I sometimes take my DSLR, and slip a compact or a M43 camera in a pocket as well. I can imagine doing that with a TLR and a Leica.
     
  15. I wouldn't be surprised if they weren't her hands. They are big and rough for a nannies work.
    One other reason the photo doesn't seem right is the aspect ratio. For a 35mm in landscape format there is an awful lot
    cropped off which would lead me still think it was shot with the Rollei.
     
  16. I also believe the lens to be a Summar given the thickness of the rim and the visibility of the lettering. The Summitar (which I have) has a much thinner outer rim and the lettering barely visible due to the unique indentation from the rim to the glass.
    I'm not surprised if someone who normally used a TLR would try 35mm.​
    Ernst Haas did exactly that after WWII, following HCB's lead, according to Jim Hughes, writer of the Forward in Ernst Haas' book, Ernst Haas in Black and White.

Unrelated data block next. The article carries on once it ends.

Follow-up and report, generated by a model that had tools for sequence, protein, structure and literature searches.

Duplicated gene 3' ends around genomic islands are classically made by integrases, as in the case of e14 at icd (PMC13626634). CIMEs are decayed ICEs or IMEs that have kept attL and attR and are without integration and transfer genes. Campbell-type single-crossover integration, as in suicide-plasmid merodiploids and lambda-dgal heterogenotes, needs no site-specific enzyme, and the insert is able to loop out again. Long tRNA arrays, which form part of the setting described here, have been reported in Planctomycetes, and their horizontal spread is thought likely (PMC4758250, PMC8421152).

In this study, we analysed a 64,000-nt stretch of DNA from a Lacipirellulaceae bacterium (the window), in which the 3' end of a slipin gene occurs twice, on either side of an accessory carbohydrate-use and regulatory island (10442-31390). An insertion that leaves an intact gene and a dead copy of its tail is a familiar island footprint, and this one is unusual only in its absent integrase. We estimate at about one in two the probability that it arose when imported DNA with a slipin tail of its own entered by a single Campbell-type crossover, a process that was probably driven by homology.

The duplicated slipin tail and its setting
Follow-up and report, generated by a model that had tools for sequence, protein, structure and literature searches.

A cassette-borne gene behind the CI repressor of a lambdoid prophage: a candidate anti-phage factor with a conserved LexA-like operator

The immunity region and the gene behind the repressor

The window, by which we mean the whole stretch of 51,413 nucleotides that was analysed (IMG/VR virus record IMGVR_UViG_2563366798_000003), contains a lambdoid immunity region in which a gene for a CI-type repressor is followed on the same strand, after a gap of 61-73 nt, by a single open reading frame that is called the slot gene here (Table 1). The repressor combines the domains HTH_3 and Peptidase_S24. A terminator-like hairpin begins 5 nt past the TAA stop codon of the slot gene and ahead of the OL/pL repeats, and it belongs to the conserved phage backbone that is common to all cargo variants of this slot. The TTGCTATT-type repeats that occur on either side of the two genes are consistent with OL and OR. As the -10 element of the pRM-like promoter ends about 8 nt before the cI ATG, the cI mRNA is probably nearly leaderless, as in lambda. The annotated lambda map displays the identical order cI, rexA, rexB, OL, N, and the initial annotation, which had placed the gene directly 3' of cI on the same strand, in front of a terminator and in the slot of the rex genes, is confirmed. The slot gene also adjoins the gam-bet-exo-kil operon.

17. Yeah, those are some serious man hands! I asked my wife about the hands and my wife assumed that the photo was a of man. I had to insist that she was a woman.
     
  18. I can't quite pass over the mention that "her photography is controversial to some." I haven't seen much in the way of controversy over her photography. She was a very good street photographer by anyone's standards. This is aside from the issue of her legacy, which is obviously entirely out of her hands.
     
  19. Check her self portraits. She's got pretty large hands.

    Here are a few photos where she's got a 35mm RF:

    http://www.vivianmaier.com/portfolios/self-portraits/?pid=288

    http://www.vivianmaier.com/portfolios/self-portraits/?pid=265

    http://www.vivianmaier.com/portfolios/self-portraits/?pid=272
     
  20. If you blow up the image it looks as if someone might have Photoshopped out the slow speed dial.
     
  21. I can't quite pass over the mention that "her photography is controversial to some." I haven't seen much in the way of controversy over her photography. She was a very good street photographer by anyone's standards. This is aside from the issue of her legacy, which is obviously entirely out of her hands.​